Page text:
Time limit on arrest warrants?... Arrest, Search, Seizure, Warrant

Discussion in 'Criminal Procedure, Criminal Court' started by bombshell27, Nov 13, 2001.

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  1. bombshell27

    bombshell27 Law Topic Starter New Member

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    I'm not sure if this is the proper arena for asking this question, but if anyone knows the answer, I would really appreciate it.

    I am going to make this really long story short..my younger, immature sister got into some trouble with bad checks in another state. Because she was 22 or so at the time, and had other bad check warrants out for her, she had a high bail amount, with zero legal representation. My family and I were at our wits end and let her stay in jail for a month to possibly teach her a lesson. Here is my question...upon her release, she was on some sort of probation for, what I think is 6 months or so. On month 5 of this probabtion, she left that state and came to live with me in another state. I didn't know any the technical part of this until much later. This was 5 years ago..she has truly changed and grown up, putting herself through school. However...she must have some sort of warrant out for her, considering she just up and left. My question is this, Is there some sort of time limit or expiration on arrest warrants? Could I some how get in trouble for helping her find her way, here where I live? Ugh! :) Any advice would be appreciated. I want this whole thing behind us all..and not sure where to turn. She is too scared to go back.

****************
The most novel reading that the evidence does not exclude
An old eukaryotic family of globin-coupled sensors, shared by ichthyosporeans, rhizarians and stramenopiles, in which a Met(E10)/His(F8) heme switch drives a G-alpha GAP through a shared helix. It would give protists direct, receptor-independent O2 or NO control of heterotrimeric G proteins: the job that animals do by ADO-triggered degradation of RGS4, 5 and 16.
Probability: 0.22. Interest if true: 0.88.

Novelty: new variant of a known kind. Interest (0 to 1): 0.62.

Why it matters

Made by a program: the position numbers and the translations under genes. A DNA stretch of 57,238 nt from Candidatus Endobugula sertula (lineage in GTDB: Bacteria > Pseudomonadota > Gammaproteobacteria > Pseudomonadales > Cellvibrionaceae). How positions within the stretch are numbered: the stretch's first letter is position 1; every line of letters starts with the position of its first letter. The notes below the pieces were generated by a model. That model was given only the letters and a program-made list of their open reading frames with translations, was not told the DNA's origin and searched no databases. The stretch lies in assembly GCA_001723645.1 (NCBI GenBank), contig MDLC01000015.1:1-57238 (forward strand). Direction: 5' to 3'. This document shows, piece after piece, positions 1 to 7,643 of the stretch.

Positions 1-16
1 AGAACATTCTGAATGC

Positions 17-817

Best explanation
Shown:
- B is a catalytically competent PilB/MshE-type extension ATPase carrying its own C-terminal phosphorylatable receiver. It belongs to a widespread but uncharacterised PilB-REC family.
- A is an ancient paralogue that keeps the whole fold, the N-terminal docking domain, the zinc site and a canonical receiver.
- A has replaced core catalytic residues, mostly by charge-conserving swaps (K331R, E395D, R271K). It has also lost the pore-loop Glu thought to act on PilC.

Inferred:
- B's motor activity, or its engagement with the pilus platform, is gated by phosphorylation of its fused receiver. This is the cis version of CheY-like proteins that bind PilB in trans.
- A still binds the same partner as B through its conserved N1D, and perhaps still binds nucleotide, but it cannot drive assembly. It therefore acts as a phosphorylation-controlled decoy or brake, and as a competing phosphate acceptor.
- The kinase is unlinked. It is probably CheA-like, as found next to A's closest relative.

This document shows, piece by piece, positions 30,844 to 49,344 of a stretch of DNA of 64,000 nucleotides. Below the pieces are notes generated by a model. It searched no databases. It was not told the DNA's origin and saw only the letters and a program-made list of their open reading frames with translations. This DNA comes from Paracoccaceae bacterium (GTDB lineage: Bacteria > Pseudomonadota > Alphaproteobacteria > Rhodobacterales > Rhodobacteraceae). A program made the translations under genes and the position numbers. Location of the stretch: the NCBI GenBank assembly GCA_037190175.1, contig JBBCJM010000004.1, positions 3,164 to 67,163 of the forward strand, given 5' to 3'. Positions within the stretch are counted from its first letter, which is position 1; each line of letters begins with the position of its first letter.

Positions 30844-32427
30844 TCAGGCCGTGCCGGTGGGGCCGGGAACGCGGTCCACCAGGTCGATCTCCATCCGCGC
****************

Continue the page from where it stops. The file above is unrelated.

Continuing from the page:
Thanks for reading this far...have a great day..
     
  2. Michael M. Wechsler

    Michael M. Wechsler Administrator Staff Member

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    I am unaware of any "statue of limitations" for arrests under warrants and instituting one would not make sense and would be contrary to public policy. In essence, if such a statute existed then a criminal would just need to be good at deceiving the authorities in order to be exonerated from the crime! Doesn't make sense.

    It is possible that there are no warrants out for her unless she was supposed to check in at a certain time and date. You may want an attorney to inquire since the attorney cannot be subpoenaed for information leading to your sister. There is no such "client-attorney" privilege of confidentiality with a natural person. You could always hire an investigator or have another person inquire confidentially as well. I would think that this could be worked out, especially if she has been clean for the past several years.

    Note: I would definitely find out the entire story from your sister before deciding how to proceed.
     
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